Congress shall make no law respecting an establishment of religion, or prohibiting the free exercise thereof; or abridging the freedom of speech, or of the press; or the right of the people peaceably to assemble, and to petition the Government for a redress of grievances.[1]

The Constitution doesn’t explicitly state that books can’t be banned, but it does outline principles of intellectual freedom in the forms of religion, speech, press, assembly, and public criticism of the government. Often the mechanisms of these freedoms are dependent upon the dissemination of ideas through books. Our rights come into play not in our own decisions not to read a particular book, but when someone else decides what we can and cannot read.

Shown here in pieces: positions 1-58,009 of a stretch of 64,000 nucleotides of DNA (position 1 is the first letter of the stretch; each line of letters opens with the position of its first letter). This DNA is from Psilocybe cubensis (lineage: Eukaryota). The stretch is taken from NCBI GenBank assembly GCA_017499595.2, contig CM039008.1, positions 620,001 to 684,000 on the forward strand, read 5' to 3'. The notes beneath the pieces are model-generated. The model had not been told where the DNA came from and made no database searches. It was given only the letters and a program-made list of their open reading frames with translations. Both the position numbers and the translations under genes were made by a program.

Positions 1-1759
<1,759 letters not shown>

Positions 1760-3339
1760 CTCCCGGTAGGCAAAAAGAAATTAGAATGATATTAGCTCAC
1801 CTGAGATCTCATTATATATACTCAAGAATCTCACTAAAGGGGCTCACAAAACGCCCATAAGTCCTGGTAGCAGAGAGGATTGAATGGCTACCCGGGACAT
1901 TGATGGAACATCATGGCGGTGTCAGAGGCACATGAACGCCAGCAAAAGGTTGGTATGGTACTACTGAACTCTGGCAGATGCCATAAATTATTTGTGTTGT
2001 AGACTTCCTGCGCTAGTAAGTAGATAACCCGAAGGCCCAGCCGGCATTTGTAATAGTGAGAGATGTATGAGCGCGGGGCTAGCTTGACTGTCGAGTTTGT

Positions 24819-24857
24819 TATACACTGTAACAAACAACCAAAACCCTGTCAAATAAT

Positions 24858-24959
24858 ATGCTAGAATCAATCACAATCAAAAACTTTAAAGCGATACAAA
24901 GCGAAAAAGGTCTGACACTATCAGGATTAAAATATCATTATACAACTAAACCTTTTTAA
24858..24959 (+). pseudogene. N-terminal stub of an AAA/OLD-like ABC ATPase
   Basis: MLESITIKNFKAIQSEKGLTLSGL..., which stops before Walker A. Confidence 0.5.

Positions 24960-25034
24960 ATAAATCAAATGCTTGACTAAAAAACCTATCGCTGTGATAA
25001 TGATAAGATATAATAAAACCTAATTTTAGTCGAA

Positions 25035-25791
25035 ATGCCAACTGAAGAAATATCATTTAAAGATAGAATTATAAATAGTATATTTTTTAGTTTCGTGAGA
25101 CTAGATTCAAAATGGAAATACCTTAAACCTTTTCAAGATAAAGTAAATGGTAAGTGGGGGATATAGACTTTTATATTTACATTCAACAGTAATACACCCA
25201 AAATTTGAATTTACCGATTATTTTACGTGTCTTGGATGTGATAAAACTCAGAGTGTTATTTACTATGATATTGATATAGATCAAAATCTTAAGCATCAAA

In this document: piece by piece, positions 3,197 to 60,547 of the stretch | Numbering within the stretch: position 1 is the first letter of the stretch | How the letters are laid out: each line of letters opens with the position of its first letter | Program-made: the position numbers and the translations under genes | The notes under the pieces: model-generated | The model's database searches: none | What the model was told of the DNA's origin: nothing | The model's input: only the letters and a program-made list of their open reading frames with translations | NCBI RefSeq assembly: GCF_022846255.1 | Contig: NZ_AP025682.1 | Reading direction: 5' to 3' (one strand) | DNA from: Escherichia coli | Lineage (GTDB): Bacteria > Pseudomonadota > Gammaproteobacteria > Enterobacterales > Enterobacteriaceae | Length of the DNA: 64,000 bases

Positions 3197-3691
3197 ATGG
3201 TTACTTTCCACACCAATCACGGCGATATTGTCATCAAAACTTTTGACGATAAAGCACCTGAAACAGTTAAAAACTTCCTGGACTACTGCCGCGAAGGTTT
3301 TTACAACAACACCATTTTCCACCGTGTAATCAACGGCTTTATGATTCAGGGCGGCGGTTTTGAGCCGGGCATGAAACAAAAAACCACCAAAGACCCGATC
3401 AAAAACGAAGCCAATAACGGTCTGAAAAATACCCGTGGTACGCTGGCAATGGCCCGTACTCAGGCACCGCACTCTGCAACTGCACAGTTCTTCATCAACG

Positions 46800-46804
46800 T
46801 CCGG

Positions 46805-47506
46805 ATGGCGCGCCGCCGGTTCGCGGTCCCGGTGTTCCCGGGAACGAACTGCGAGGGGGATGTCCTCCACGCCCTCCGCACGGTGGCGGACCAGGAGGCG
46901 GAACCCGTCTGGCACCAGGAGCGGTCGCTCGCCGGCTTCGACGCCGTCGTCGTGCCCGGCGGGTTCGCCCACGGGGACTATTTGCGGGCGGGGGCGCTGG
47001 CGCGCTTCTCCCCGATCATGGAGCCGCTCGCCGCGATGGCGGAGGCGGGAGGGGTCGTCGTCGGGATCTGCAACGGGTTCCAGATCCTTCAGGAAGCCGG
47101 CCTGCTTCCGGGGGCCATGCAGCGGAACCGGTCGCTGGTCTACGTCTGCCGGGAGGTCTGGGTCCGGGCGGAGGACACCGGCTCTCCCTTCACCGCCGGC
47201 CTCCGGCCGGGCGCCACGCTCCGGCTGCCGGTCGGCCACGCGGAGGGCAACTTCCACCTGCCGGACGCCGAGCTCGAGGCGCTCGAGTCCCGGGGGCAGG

In the United States, there have been calls for the removal of thousands of books from schools and libraries. Some of the most surprising banned books include E.B. White’s Charlotte’s Web, Shakespeare’s Twelfth Night, and The American Heritage Dictionary. The latter apparently defined too many of the wrong words.

I was surprised to learn that J.D. Salinger’s classic, The Catcher in the Rye had been banned in my new hometown of Selinsgrove, PA in 1975. Apparently, some parents objected to the language and some of the ideas in the book.